10

The left hand side of the board in the 2nd to last picture contains two PIFAs (Planar inverted F antenna). Looks like one is 2.4 GHz and one is 5 GHz. It appears that the ZBS242 chip is a Samsung SOC with a built in IEEE 802.15.4 ZigBee radio. I can't find much information about it, and the pages I have found are in Korean. Figures. http://eplus.co....


9

Seems to be what NEC refers to as VIT, Value Integrated TFT Technology. Alternatively known as SoG, System on Glass. They differentiate it from Chip on Glass or Chip on Film/Tape. But the tech isn't that old. A press release shows maybe 2007. Due to the high electron mobility of the low-temperature polysilicon used in VIT technology, high-speed ...


9

If we redraw your circuit without the diodes, we have this: simulate this circuit – Schematic created using CircuitLab Now imagine you drive Column-1 High and Row-1 Low (and Column-2 and Row-2 are Hi-Z) because you're trying to activate L1 in one direction. You'll find that you'll also have current flowing through L2, L4 & L3 since the 3 of them ...


9

The 74LS47 shows the following: $$ \begin{array}{ccccl} D & C & B & A \\ 0 & 0 & 0 & 0 & \rightarrow 0 \\ 0 & 0 & 0 & 1 & \rightarrow 1 \\ 0 & 0 & 1 & 0 & \rightarrow 2 \\ 0 & 0 & 1 & 1 & \rightarrow 3 \\ 0 & 1 & 0 & 0 & \rightarrow 4 \\ 0 & 1 & 0 & 1 &...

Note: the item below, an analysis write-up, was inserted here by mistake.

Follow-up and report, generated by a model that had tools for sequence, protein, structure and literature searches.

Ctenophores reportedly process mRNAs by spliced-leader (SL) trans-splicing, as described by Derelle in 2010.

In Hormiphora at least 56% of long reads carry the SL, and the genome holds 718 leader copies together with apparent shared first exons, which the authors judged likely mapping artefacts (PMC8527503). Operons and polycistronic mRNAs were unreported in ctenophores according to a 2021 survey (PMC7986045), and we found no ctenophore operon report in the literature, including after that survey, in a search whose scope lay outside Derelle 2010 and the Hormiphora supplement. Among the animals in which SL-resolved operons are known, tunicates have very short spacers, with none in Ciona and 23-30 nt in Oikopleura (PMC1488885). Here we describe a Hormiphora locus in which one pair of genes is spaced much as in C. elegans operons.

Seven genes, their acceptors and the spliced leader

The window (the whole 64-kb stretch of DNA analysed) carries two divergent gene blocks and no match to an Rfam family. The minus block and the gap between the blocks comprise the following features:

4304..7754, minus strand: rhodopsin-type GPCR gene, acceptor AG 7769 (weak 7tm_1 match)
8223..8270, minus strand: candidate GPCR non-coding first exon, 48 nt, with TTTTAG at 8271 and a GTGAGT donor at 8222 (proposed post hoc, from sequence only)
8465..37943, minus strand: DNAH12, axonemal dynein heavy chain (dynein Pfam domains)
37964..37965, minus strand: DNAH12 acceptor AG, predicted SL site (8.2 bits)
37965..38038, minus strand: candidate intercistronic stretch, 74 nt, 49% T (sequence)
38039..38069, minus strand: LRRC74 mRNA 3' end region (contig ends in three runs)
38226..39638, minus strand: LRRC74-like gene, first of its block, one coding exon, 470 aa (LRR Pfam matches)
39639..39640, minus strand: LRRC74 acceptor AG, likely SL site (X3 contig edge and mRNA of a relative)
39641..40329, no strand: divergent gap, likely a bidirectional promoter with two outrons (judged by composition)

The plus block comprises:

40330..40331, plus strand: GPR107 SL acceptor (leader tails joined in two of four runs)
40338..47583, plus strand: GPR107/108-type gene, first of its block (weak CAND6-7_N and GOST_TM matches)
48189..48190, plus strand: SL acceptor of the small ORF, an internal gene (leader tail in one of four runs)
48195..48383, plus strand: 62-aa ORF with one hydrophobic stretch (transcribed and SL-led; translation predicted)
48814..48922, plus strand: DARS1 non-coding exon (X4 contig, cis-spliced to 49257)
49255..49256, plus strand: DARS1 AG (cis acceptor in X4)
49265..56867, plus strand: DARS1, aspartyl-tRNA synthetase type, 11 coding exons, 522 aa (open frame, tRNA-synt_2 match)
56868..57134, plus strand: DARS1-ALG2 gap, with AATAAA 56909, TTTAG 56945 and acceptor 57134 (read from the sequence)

9

More about color depth Expanding on Dave Tweed's answer, you can do even better than what he showed. Here is the same large-size original he used: Cropped to be square and shrunk to 64 x 64 pixels but using full (8 bit per red, grn, blu) color yields: Rounding the color information from 8 bits per channel to 6 bits results in: That is what your display ...


8

The problem is you have on and off mixed up. The pnp transistor will be at cutoff when the output is high, not low. So you are turning both of your displays on during the 1000us wait.


8

Quick bit of Wikipedia leads to: http://en.wikipedia.org/wiki/Phosphor#Standard_phosphor_types "P1" is a zinc silicate which is found natually occuring in an ore. I suspect this was the first kind of phosphorescent material to be used in CRTs, and as it's naturally occuring it may be the cheapest. In most monochrome CRT applications (especially osciliscopes)...


8

LVDS -> Low Voltage Differential Signalling is the actual voltage and impedances on the physical wires. There are different voltage levels even within the MIPI standard, so pay attention to those. MIPI is the format of the how the various bits are located relative to other bits and signalling and start and stop sequences inside the data stream. In some ...


8